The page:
The Jupyter platform allows students to weave calculations, code, data visualizations, and explanations into one document that they create interactively. In the course, all assignments are distributed as Jupyter notebooks that contain outlines of data analyses. These outlines guide students through the process of discovering, validating, and communicating insights from data. The notebooks let students learn how to “think together” with the computer, a broadly important and powerful skill.

“This format is ideal for data science because analyzing data requires more than just running computations. We encourage all of our students to describe their assumptions, observations, and conclusions when working with data,” said Computer Science Professor John DeNero, who, with Adhikari, co-developed and teaches the course.

The Jupyter platform has also enabled the development of a variety of other Berkeley data science courses, including dozens of connector courses and data science modules. Its ease of use has made it a powerful platform, even for instructors with little prior experience in programming. Berkeley’s large-scale use of Jupyter Notebooks is enabled by a cloud-hosted deployment of JupyterHub, infrastructure that ensures that all students and instructors share a common computing environment, data sources, and storage for their notebooks in the cloud. (Learn more.)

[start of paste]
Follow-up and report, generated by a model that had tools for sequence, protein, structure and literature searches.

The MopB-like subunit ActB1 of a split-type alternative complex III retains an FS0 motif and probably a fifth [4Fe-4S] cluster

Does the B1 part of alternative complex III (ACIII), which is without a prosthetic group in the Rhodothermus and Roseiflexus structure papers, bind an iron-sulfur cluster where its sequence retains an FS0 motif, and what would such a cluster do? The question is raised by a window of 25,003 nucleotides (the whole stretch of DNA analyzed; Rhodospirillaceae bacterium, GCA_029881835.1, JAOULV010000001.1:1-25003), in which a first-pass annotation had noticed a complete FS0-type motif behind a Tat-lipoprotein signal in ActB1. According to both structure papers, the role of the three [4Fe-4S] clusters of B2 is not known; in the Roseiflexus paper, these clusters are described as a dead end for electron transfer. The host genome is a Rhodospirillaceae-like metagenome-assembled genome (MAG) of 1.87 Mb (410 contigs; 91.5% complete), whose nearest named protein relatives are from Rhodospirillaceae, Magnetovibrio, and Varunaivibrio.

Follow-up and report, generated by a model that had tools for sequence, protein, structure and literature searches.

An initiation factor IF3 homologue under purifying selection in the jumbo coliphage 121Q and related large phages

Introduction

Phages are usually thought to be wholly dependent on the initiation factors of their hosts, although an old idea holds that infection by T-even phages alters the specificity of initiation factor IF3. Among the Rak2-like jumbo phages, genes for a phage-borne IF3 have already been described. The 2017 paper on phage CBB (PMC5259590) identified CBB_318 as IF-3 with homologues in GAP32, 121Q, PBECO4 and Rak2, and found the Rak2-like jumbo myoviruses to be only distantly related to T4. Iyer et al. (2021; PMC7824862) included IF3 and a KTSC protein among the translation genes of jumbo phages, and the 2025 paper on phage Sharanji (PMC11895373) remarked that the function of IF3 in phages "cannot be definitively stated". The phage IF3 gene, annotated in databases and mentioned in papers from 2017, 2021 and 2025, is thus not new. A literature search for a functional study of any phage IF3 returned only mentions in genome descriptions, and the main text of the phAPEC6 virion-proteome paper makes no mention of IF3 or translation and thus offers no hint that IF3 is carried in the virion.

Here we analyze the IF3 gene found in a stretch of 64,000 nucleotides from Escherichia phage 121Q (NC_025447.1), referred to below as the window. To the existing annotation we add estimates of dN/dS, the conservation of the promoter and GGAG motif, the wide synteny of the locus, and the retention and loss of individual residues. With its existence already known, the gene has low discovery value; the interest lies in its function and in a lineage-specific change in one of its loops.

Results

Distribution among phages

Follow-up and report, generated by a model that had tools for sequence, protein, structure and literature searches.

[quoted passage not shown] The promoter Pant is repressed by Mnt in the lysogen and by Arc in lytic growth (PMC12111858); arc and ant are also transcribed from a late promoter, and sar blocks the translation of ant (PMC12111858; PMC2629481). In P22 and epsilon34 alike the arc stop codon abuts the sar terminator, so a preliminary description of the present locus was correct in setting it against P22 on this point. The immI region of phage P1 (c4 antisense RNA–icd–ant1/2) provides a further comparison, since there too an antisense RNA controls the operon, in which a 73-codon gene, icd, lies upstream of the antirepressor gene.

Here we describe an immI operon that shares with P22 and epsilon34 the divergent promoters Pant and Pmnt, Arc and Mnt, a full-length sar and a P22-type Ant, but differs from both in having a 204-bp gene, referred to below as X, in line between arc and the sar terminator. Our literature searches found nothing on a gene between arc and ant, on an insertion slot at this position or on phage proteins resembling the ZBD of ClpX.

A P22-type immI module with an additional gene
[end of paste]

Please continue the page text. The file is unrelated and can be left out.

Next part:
According to David Culler, professor of computer science and interim dean of the new Division of Data Sciences, Jupyter notebooks can be likened to a digital narrative or essay, in which students start with an idea and some data, and go on to refine the idea with a series of “computational paragraphs” made up of code, text and visualization. Then students finally arrive at an interesting conclusion -- all within a single document.  

“The view of computing as an integral part of human creative processes has been around for fifty years, but it is a slender strand of thought that is often lost in all of the exponential advances of technology with its new apps, new machines, and new services,” Culler said.  “The computational notebook brings this aspect back to the fore in a manner that is especially powerful as their first exposure to computing,” said Culler.

Jupyter Notebooks: a powerful platform for data science education